The principle of interpretation of the logs bases on the different physical properties such as the electrical conductivity, radioactivity, sound propagation, etc… of different rock types and fluids in the formation, that cause the change of signal behavior on the logging curves.
The interpretation process can be summarized into the following flowchart showed below:
Correlate and depth match logs
The logging suites (spreadsheet with logging curves obtained by different methods) have been produced must be correlated in order to ensure that the petrophysical measurements made in a particular formation by the sondes are all represented at the same depth. This is necessary because the sondes are stacked upon each other in a particular logging tool. Hence the sondes are making the measurements at different points in time as the tool is being extracted from the well. If the sondes were all at the same depth, at the same time when making the measurements, then correlation would not be necessary.
The lithology of the formations which have been drilled through is not always immediately obvious from the logs which have been run. However, in virtually all exploration and appraisal wells the interpretation of the lithology will be supported by evidence which is derived from drilled cuttings by the mudlogging engineer or geologist as well as analysis of cores which have been cut and retrieved from the well.
If the formation is made up of one mineral, then a particular log measurement may be used to identify that mineral and therefore infer the rock type. If the formation is made up of a mixture of known minerals, then it is necessary to use a combination of logs to obtain a good indication of the mineralogical content and therefore lithology of the formation. The composition of the rock can be inferred by crossplotting combinations of the Density, Neutron and Acoustic log data. The utility of this approach depends on the complexity of the rock as well as the number of porosity logs run. This technique can also be used to define the porosity of the formation and presence of gas.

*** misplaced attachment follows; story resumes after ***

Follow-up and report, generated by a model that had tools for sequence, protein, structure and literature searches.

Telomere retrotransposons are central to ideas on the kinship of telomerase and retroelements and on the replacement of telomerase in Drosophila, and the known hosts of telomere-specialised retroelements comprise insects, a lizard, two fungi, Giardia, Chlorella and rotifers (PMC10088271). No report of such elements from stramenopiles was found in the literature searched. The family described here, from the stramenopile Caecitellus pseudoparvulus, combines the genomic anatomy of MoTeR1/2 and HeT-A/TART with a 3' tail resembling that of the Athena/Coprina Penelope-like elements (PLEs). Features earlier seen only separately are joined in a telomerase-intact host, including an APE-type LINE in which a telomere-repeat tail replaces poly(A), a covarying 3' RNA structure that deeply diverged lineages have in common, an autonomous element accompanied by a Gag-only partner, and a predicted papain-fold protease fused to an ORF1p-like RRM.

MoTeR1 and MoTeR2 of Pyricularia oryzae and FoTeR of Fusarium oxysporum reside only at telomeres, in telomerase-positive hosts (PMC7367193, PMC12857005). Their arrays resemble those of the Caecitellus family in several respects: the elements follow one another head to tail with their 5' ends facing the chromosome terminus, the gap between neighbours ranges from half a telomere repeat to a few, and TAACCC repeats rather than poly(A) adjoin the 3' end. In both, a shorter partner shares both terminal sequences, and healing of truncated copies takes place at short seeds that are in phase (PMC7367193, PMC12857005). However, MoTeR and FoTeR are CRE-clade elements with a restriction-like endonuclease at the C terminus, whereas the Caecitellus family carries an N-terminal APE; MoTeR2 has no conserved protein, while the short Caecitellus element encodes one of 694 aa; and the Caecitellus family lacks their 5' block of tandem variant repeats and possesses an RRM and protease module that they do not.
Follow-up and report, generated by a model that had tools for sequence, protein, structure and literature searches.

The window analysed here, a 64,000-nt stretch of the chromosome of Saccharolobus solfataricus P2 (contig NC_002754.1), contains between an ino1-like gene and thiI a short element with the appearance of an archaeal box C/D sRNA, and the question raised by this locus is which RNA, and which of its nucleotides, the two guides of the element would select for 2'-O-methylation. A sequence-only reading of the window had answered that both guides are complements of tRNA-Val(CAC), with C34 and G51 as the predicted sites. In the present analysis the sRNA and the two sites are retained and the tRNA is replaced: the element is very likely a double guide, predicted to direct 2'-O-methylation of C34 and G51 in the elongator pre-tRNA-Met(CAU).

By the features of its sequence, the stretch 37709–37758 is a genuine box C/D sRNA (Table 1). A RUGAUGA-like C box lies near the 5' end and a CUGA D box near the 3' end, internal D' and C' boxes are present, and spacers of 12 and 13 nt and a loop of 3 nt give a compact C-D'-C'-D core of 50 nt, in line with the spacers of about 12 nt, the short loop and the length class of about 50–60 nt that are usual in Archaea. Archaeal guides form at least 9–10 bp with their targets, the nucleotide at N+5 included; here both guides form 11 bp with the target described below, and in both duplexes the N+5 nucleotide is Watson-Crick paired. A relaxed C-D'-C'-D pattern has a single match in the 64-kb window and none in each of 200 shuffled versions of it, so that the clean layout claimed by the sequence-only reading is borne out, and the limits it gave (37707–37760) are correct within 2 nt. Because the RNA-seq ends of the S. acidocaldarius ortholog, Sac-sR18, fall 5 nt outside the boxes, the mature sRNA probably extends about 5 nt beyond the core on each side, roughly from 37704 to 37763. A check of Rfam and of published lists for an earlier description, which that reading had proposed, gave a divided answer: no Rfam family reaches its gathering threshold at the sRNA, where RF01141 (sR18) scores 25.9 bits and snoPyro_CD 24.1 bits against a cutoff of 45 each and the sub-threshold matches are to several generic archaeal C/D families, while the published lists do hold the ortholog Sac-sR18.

Identification of permeable and non-permeable zones
The permeable zones on a logging suites can be identified by referring to the Gamma Ray (GR), Spontaneous potential (SP) and resistivity logs. The GR log is primarily used to differentiate between shales and other formation types, since shales contain high radioactive material than other types of rock, hence easily detect on GR curve. Shales generally have a very low permeability (very common caprocks) the Gamma Ray log response can be used in a qualitative way to identify non-permeable zones.
The technique for identifying permeable zones on an SP log is provided by the phenomenon of natural electrical potential drop as the currents flow through the fluids. The potential drop generally is larger in the borehole than in the shale, or permeable formation. Readings opposite shales are relatively constant and are referred to as “the shale baseline”. Opposite permeable formations the SP curve typically shows excursions to the left (negative polarity) or to the right, depending upon the salinity of the drilling mud and formation waters. A comparison of the resistivity readings from the flushed zone, shallow and deep into the reservoir will give some indication of the depth of penetration of the borehole fluid and therefore the permeability of the formation.